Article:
Monthly Archives: September 2008

Mercedes-Benz’s first hybrid sedan will be equipped with state-of-the-art batteries from Continental

Mercedes-Benz is going to equip its first hybrid car ever with lithium-ion batteries produced by the German Continental AG, a leading manufacturer of brake systems, tires, and many other sophisticated parts for the auto industry. The batteries of the new Mercedes-Benz luxury sedan S400 BlueHybrid that is set to hit the market in summer 2009 will have a higher storage capacity and an overall better performance than the Nickel-metal hydride batteries which are currently used in the best-known hybrid, the Toyota Prius. The batteries produced by Continental are more advanced and relatively small. They should just weigh 25 kilogramms. This battery was being developed mainly for use in hybrid cars and plug-in hybrids. The battery set should have a minimum lifetime of ten years. For Continental, the newly developed Li-ion battery is part of an attempt to become a leading supplier of batteries for use not only in hybrids, but also in electric cars with “range extender” like the Chevrolet Volt and all-electric cars(Read: The electric car revolution is about to happen). The management of Continental already admits that the cars running on nothing but electricity have the potential to play a central role in the automotive industry in the future. Therefore, Continental wants to become a major supplier of electric motors, too. Furthermore, the company’s engineers are developing several systems for regaining energy e.g. while braking and using it to recharge the battery. Until today, there are no information available about the price of the new battery, but being used in luxury sedans first, the extra-costs for the battery will be moderate in comparison with the total price of the car. The first-time application of li-ion batteries in a mass-produced car is an opportunity for Continental to gain experience and keep improving the technology. For the next generation, the aim is a battery which should be 30% smaller than the current model.

Moreover, Continental is working with GM to provide the battery pack for the Chevy Volt semi-electric car.

For Mercedes-Benz, the hybrid version of its luxury flagship car is the reaction to first, high-gasoline prices and second, the European Union’s plan to punish car makers with a fleet with high CO2 emissions. The punishments could increase the price of large cars by several thousand euros. The parent company Daimler is also testing an electric version of the microcar Smart.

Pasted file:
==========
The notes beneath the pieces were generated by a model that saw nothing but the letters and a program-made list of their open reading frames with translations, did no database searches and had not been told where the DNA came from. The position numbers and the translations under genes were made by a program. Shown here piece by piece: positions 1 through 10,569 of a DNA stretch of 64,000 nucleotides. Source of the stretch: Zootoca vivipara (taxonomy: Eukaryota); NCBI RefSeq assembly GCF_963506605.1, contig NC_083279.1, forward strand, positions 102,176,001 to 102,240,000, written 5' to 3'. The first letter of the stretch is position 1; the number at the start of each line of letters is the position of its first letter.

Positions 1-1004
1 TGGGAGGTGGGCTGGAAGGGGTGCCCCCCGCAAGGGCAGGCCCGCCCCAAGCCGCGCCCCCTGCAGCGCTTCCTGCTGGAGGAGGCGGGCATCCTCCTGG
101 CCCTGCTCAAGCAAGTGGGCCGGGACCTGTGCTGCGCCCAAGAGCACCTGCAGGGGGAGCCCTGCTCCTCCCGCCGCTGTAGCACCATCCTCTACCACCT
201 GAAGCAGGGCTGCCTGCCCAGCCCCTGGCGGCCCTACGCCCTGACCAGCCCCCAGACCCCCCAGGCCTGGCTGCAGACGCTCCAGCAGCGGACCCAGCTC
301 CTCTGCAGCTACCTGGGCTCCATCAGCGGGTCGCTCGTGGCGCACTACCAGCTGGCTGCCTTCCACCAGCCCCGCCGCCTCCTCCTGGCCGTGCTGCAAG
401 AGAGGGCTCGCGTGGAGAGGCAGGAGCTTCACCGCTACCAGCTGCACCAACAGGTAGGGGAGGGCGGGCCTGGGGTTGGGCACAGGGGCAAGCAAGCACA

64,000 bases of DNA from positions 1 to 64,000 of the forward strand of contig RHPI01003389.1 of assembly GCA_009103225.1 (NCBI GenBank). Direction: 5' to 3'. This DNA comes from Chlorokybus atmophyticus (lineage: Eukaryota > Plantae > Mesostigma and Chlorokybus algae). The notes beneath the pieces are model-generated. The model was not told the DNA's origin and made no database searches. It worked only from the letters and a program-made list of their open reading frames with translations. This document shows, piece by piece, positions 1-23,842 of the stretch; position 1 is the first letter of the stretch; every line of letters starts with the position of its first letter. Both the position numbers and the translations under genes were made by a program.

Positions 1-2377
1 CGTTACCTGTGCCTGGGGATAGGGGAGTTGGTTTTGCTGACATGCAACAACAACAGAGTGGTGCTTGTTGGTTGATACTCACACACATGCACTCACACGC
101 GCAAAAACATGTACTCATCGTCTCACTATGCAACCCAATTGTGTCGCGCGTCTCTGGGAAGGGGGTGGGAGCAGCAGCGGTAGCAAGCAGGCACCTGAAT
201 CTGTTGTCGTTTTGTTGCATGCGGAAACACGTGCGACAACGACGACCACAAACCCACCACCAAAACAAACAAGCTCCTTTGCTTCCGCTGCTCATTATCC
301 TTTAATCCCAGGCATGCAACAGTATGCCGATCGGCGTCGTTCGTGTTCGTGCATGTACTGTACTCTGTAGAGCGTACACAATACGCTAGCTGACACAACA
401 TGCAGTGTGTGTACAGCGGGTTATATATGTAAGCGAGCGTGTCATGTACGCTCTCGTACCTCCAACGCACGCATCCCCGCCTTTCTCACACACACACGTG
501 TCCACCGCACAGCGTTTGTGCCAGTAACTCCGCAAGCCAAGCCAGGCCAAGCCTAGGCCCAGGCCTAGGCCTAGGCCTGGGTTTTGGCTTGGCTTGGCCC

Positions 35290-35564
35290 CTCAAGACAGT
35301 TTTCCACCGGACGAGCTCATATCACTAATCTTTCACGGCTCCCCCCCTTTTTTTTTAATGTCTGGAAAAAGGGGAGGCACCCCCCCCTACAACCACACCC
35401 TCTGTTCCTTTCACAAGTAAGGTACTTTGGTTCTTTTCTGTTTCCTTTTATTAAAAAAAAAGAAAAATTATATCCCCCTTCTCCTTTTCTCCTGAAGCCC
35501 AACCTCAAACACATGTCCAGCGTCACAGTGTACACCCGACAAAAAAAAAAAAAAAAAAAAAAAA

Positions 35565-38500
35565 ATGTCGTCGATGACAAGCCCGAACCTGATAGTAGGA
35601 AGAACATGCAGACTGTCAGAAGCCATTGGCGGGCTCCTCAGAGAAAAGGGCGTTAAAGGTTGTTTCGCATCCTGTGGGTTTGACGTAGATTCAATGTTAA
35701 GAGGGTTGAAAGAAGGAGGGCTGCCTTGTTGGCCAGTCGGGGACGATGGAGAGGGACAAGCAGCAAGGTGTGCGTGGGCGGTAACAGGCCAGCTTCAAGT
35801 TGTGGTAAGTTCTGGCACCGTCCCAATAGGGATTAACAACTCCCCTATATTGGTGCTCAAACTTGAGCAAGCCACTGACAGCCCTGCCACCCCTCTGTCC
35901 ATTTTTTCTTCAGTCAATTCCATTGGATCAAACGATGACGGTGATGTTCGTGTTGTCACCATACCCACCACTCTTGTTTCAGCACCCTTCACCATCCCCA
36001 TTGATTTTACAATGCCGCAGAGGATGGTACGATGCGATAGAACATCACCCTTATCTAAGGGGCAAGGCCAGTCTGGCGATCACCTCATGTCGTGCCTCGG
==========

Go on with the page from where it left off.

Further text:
Read why oil prices are that high and why the era of cheap energy is over:

Our prosperity hangs by a thread as it is based on a limited resource – oil

An electric car without an electric motor:

The Air Car could revolutionize transportation – an electric car without an electric motor

http://www.autobloggreen.com/tag/mercedes+benz+s400+bluehybrid/

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up and down, up and down, up and up and … ?

Whoever says he knows where crude oil will be trading in one or two weeks, don’t listen! No expert can make any accurate short-term predictions as we’ve been experiencing extreme fluctuations recently.

Crude oil prices have been on the move in the recent years, but what we saw in the last couple of weeks is unprecedented. We saw oil prices falling from their all-time high of $147.27 per barrel in July to about $90 per barrel last week. Then it rose sharply, and completely unexpected to $130 a barrel on Monday. Monday’s $25 gain was the largest single-day price increase ever for crude oil. Today, crude oil is trading at about $105 a barrel. These hefty fluctuations are not at all backed by the fundamentals of supply and demand – though the long-term price increase can be attributed to growing demand and limited supply. Given these fluctuations, no serious analyst can make a crude oil price forecast for the short term.

The reason why oil prices came down again the last few days is mainly the uncertainty about the steps the administration is going to take in order to stabilize the financial markets. With the turmoil going on at Walll Street, investors pour more money into commodities. After the end of the last remaining investment banks in the United States and the acquisition of Washington Mutual by J.P. Morgan Chase, commodities seem to be a rather safe investment. Investors know that the price of oil is almost certain to rise in the foreseeable future. We are at the beginning of an energy crisis that the world has never before experienced. This means lots of challenges, need for change and last but not least, a whole bunch of opportunities! Western countries have to take the lead in energy technology as this can become the key to future growth, stability and wealth. Which economy can afford living with today’s dependence on foreign energy supplies and the unpredictable price fluctuations. Alternative energy sources will stabilize the price and price fluctuations will become rare. Moreover, the costs of these green technologies are gradually coming down. That’s why we have to get involved into this exciting and promising industry.

http://www.marketwatch.com/news/story/oil-futures-fall-bailout-plan/story.aspx?guid=%7BDF7A1B2B-EC24-4899-8C64-D954D2F5AE26%7D&dist=msr_23

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Our prosperity hangs by a thread as it is based on a limited resource – oil